A tiny word that makes all the difference to some!

We’ve seen many times before how certain words from the Japanese language have made their way into English, for better or for worse.

But usually that happens from English speakers picking up the new words and using them… not from Japanese people sprinkling them into their English.

Except for one! Japanese Twitter user Takumi Sueda recently posted this, and lots of Japanese people agreed with them:

▼ It’s probably not a word you’d expect,
because by itself it’s not even really a word! (Translation below)

“Apparently non-Japanese people find ‘-san‘ intriguing, and whenever I send them an e-mail with their name followed by -san they get excited like, ‘A real Japanese person used san on my name!’ Since it’s an honorific and not rude or anything, I find it creates a friendly atmosphere. Source: me.”

For anybody who has lived in Japan for a while, having people say your name followed by san is a completely normal thing, just like hearing Mr. or Ms. in front of your name.

But for those who have never been to Japan, or perhaps never even left their country, it must feel like their name is getting some sort of special treatment, or that they’ve suddenly become part of a special club. A special club of single-toe socks and revolutionary ham sandwiches.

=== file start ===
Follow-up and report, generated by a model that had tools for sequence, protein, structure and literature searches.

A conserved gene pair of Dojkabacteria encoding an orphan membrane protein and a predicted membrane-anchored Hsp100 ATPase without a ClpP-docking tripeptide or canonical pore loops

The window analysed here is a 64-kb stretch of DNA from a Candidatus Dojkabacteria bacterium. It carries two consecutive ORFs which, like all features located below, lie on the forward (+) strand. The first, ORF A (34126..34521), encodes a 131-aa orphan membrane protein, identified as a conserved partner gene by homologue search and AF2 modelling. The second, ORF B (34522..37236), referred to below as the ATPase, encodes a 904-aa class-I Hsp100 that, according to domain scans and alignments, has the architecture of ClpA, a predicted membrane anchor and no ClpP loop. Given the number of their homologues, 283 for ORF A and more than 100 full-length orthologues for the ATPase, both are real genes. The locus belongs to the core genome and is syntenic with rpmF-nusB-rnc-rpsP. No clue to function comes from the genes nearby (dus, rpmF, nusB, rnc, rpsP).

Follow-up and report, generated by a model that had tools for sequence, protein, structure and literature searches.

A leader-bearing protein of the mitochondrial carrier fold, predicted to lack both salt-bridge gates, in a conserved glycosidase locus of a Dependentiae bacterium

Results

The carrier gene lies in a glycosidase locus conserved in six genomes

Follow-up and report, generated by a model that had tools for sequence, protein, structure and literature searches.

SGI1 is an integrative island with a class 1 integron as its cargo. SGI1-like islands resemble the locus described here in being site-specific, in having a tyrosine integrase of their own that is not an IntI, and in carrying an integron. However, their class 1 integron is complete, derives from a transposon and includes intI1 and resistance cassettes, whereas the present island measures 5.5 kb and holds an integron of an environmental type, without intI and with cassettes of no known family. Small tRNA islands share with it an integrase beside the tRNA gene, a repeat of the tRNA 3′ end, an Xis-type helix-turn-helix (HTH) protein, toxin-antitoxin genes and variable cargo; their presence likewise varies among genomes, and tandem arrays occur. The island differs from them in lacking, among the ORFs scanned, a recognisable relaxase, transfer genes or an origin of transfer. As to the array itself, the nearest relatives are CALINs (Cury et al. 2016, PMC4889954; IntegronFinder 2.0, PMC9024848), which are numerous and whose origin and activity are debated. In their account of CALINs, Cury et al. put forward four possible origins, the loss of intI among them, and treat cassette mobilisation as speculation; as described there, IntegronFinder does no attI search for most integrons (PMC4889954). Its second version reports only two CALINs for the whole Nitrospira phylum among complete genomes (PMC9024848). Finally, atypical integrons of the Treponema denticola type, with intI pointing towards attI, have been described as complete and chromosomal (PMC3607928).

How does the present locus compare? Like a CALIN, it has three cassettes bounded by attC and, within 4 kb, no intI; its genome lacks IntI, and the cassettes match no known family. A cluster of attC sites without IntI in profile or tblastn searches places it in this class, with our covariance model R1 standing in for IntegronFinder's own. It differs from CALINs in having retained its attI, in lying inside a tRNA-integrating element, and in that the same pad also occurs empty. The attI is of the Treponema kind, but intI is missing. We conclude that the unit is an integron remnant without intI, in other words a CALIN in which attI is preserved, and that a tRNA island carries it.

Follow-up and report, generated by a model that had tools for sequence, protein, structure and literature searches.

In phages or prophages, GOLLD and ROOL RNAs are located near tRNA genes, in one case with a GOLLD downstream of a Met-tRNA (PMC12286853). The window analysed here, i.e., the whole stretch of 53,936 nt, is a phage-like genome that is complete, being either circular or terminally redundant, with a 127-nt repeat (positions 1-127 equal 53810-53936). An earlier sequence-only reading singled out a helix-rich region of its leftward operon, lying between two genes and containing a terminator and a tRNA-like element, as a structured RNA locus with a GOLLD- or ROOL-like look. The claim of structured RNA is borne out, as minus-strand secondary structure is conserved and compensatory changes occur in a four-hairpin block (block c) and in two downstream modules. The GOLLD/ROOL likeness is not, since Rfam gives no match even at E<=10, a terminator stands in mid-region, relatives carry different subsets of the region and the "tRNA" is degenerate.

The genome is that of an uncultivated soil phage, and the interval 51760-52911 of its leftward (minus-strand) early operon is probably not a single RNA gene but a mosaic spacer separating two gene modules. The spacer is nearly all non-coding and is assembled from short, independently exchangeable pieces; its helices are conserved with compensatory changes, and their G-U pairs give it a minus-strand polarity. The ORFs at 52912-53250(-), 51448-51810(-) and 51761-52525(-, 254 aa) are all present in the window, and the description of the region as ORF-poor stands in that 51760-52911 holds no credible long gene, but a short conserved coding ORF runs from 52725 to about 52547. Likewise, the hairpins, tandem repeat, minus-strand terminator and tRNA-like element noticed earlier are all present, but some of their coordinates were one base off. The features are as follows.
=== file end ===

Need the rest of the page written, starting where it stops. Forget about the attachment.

▼ Takumi then continued saying that the “san-ing” went even further.
(Translation below)

“At that same place, I was asked ‘Is it rude to not address you using -san?’ I responded, ‘Japanese people understand English naming culture, so you definitely don’t have to use honorifics, but it’s kinda fun if you do so why not?'”

And Takumi was not alone in this experience at all. Other netizens chimed in with agreement:

“Yup. I use it with my American clients and they love it.”
“In the IT world, there are people from too many countries and I can’t tell their gender from their name, so I use -san all the time.”
“I’ve done this. But more often they enjoy san-ing me.”
“Even when I’ve told people to just call me ‘Taka’ they still enjoy calling me ‘Taka-san’ instead.”
“They even like it when I refer to myself using san lol.”
“I’ve used ‘sensei’ instead of ‘professor’ and they loved it.”
“It’s awesome and can be used to address anyone, regardless of gender or affiliation.”

That last one really shows the power of san. It’s always respectful and accurate, no matter who you’re talking to.

In fact, whenever I type e-mails in English, I always miss being able to just say yoroshiku onegai shimasu at the end as a great catch-all sign off. Instead I have to come up with something awkward like “Thank you for your attention to this matter” or “I hope to hear from you soon” or the ultimate sign that you’ve just given up: “Best.”

Yes, I’ll take that addition to English please, as well as all of the other Japanese words with cool origin stories.

Source: Twitter/@puhitaku via Hachima Kiko
Top image: Pakutaso, Unsplash (Edited by SoraNews24)
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